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Nirmatrelvir & Risk of Post-COVID-19 Condition

In a cohort study of people with 1 or more risk factors for progression to severe COVID-19, post-COVID-19 condition (PCC) occurred less often among those treated with nirmatrelvir within 5 days of a positive SARS-CoV-2 test. The relationship was present among the mostly male participants in this VA study regardless of vaccination status and history of prior infection. “The totality of findings suggests that treatment with nirmatrelvir during the acute phase of COVID-19 may reduce the risk of post–acute adverse health outcomes,” the investigators conclude.

Participants were patients in VA health care databases who had a SARS-CoV-2 positive test result between Jan. 3, 2022, and Dec. 31, 2022, who were not hospitalized on the day of the positive test result, who had at least 1 risk factor for progression to severe COVID-19 illness, and who had survived the first 30 days after SARS-CoV-2 diagnosis. The cohort group comprised 35,717 patients treated with oral nirmatrelvir within 5 days after the positive test; the control group was 246,076 patients who received no COVID-19 antiviral or antibody treatment during the acute phase of SARS-CoV-2 infection.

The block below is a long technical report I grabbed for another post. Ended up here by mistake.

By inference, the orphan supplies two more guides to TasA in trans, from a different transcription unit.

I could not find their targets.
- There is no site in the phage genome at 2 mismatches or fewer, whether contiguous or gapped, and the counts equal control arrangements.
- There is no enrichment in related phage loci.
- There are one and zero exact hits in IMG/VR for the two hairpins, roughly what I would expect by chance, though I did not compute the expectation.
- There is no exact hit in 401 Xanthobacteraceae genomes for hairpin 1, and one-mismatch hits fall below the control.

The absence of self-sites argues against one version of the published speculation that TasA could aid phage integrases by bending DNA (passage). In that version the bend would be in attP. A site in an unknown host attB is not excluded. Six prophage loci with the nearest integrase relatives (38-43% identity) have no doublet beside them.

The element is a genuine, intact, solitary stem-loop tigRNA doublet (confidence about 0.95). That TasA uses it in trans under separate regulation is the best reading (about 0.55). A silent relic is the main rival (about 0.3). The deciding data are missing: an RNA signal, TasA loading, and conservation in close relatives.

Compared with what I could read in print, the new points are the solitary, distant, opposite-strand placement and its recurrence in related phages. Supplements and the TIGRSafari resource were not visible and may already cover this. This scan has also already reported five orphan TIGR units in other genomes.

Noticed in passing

Using inverse probability-weighted survival models to estimate the association of nirmatrelvir (vs control) with post–acute death, post–acute hospitalization, and a prespecified panel of 13 post–acute COVID-19 sequelae (components of PCC), the researchers found these relative risks (RRs), hazard ratios (HRs), and absolute scale as absolute risk reduction in percentage at 180 days (ARR): “A total of 281,793 patients (mean [SD] age, 61.99 [14.96]; 242,383 [86.01%] male) who had a positive SARS-CoV-2 test result and had at least 1 risk factor for progression to severe COVID-19 illness were studied.… Compared with the control group, nirmatrelvir was associated with reduced risk of PCC (RR, 0.74; 95% CI, 0.72-0.77; ARR, 4.51%; 95% CI, 4.01-4.99), including reduced risk of 10 of 13 post–acute sequelae (components of PCC) in the cardiovascular system (dysrhythmia and ischemic heart disease), coagulation and hematologic disorders (pulmonary embolism and deep vein thrombosis), fatigue and malaise, acute kidney disease, muscle pain, neurologic system (neurocognitive impairment and dysautonomia), and shortness of breath. Nirmatrelvir was also associated with reduced risk of post–acute death (HR, 0.53; 95% CI, 0.46-0.61); ARR, 0.65%; 95% CI, 0.54-0.77), and post–acute hospitalization (HR, 0.76; 95% CI, 0.73-0.80; ARR, 1.72%; 95% CI, 1.42-2.01). Nirmatrelvir was associated with reduced risk of PCC in people who were unvaccinated, vaccinated, and boosted, and in people with primary SARS-CoV-2 infection and reinfection.”

Source: JAMA Internal Medicine